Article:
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Using of GUID as primary key in MS SQL is antipattern

We've decided to persist our domain model into database probably a year ago so beside the xml persistence our product uses any database system as a primary storage. The next step was key failure because we've designed the database schema according to current state of our domain model. Why not as NHibernate is so powerful that you are able to map almost every relation type, every scope of accessibility etc.

Beside slow performance, I've already written those articles before, which we've fixed yet the another major issue appeared before a few months. The performance of MS SQL database during continuous insertion of medium-large rows slows down until the system appears almost dead. Why?

As I've already written above, we've decided to not adjust the model according common database recommendations and just persist it. The lifecycle of our domain model needn't be usually coupled with database persistence. So all primary keys in all domain entities were absolutely unique GUIDs.

It doesn't sound so dramatic, we've hoped that it would only occupied more space than simple integer and maybe slightly slows the performance but now I know that choose GUID as primary key is terrible decision.

GUID as primary key decreases performance a lot

I've made PoC how to increase the performance of a few complicated selects statements. They were no "join hell" but they were slow according to our acceptance criteria. I've discover clustered index as very powerful feature which can improve performance itself a lot. I've made further inquiry and found that simple select above sorted table using clustered index is 35% faster with using int as indexed key with respect to previous GUID. Very nice!

Notice that the index was already ordered, for one milion of rows it took almost four minutes so it was useless for us anyway.

GUID as primary key kills the insertion performance

I believe that you can tune the performance for the all time so 35% up was great but expected when you start to play with all those nice profiler apps. The worst issue we've met was that already referenced above.

The primary key was unique GUID generated during the model creation. The consequent inserts just use those IDs and use them in the particular insert, no big deal. The blocker problem was absolutely heavy decreasing performance of those inserts. Lets look at real numbers: first thousand of inserts took approximately one second, when the database table contains almost one million of rows, one thousand of additional inserts took almost 20 seconds!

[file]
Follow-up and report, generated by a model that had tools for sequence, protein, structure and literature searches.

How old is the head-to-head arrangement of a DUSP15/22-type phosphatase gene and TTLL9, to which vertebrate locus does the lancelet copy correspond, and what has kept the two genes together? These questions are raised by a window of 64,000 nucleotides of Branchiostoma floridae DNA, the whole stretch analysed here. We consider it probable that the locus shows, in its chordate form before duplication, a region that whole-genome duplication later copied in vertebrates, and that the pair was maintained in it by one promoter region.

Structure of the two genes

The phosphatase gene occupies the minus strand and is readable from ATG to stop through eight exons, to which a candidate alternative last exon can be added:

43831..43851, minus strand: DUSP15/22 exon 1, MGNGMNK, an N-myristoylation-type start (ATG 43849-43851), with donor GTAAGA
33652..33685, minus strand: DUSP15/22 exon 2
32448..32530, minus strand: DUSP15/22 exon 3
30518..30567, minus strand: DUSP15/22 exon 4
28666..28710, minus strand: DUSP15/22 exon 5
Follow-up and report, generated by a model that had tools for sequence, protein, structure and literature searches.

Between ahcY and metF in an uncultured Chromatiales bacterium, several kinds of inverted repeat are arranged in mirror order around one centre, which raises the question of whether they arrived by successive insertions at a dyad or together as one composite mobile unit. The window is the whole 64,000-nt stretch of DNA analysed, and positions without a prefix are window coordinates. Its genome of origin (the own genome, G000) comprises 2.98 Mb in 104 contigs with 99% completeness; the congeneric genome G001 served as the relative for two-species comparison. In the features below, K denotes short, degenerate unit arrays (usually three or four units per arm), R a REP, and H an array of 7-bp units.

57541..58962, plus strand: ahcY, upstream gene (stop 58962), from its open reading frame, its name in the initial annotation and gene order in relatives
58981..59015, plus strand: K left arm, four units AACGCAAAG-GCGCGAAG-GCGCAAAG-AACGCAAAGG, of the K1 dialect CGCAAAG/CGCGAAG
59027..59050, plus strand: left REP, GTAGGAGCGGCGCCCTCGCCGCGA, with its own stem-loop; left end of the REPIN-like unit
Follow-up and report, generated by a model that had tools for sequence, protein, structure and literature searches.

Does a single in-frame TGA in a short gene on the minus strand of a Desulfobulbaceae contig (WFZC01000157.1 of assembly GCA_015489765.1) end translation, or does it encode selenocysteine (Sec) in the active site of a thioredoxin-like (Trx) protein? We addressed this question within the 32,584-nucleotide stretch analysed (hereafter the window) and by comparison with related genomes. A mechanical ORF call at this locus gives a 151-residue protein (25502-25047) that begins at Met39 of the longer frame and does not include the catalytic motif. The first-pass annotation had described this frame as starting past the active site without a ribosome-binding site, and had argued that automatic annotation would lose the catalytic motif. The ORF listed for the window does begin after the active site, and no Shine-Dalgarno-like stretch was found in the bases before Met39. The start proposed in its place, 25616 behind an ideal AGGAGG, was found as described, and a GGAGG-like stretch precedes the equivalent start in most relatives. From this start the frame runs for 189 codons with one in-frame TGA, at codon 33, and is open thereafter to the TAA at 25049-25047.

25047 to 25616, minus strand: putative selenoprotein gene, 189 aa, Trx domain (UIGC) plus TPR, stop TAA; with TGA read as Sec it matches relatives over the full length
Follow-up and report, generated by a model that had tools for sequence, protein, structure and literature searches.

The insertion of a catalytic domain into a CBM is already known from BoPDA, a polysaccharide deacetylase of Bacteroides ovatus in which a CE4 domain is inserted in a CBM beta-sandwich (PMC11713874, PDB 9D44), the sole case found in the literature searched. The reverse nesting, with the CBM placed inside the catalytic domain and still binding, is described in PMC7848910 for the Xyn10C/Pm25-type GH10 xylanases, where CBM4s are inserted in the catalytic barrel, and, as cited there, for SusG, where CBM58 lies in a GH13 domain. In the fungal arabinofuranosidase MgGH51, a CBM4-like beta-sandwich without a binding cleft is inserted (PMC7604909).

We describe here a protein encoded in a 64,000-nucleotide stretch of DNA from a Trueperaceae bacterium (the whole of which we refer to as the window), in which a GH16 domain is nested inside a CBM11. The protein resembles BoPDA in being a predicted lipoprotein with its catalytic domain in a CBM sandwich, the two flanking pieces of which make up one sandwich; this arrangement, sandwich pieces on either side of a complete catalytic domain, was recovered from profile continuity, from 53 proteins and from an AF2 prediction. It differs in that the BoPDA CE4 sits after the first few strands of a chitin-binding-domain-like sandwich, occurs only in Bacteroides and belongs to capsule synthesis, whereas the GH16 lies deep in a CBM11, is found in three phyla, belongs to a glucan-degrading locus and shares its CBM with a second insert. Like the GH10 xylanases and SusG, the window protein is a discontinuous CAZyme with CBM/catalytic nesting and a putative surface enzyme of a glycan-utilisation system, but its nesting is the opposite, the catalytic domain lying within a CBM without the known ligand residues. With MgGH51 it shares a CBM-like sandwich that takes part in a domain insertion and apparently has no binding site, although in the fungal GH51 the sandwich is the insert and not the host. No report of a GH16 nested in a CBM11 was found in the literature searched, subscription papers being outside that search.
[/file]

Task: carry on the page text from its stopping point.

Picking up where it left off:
The database was dead, processor was not doing anything, hard drive as well. No dead-lock was found, it just slept. The first suspicious was cluster primary key, it's cut-off only postponed the problem. After a few tests we've discovered that the clue is primary key. Cut-off the primary key notation returns the performance into original and requested numbers. Unfortunately our system also reads during these insertions so we are unable to switch all keys off.

The current solution is to rewrite model to use auto-generated integer primary keys which also clarified our view to domain driven design's value object to avoid the meaningless use of entity type of object everywhere it's possible.

Do not use GUID within database

I know that there are certainly places where GUID approach is usable but be aware of use them as any key. It:
  • takes significantly more space (4 bytes vs. 38 bytes), it can be serious issue when you use database with space limit, e.g. MS SQL Express
  • kills the database during the insertion
  • slows the performance of select clause, 35% down with respect to int
  • slows joins to tables 
  • almost exclude your application from the use of clustered index 

Comments

Nikola Malovic said…
If we speak about *normal* Guids - you are right, but if we speak about sequential ones (generated by SQL server with newsequetialid() or COMB.guid (used by NHibernate or genrated manually) then there's no real performance hit occuring by usage of guids neither in seek nor in insert operations.

That been said even without any perf hits occuring, GUIDS have disadvantage in amount of space they occupy and the fact they are nto human readable and thus was HiLo placed. They makes sense in scenarios (like the one I have) where you merge in cloud the data of multiple different databases of the disconected clients (kind a like Git approach) in which case they are really great.

Very old (perf measured on SQL 2000) but still very valid article on the subject of guid performance http://www.informit.com/articles/article.aspx?p=25862&seqNum=7

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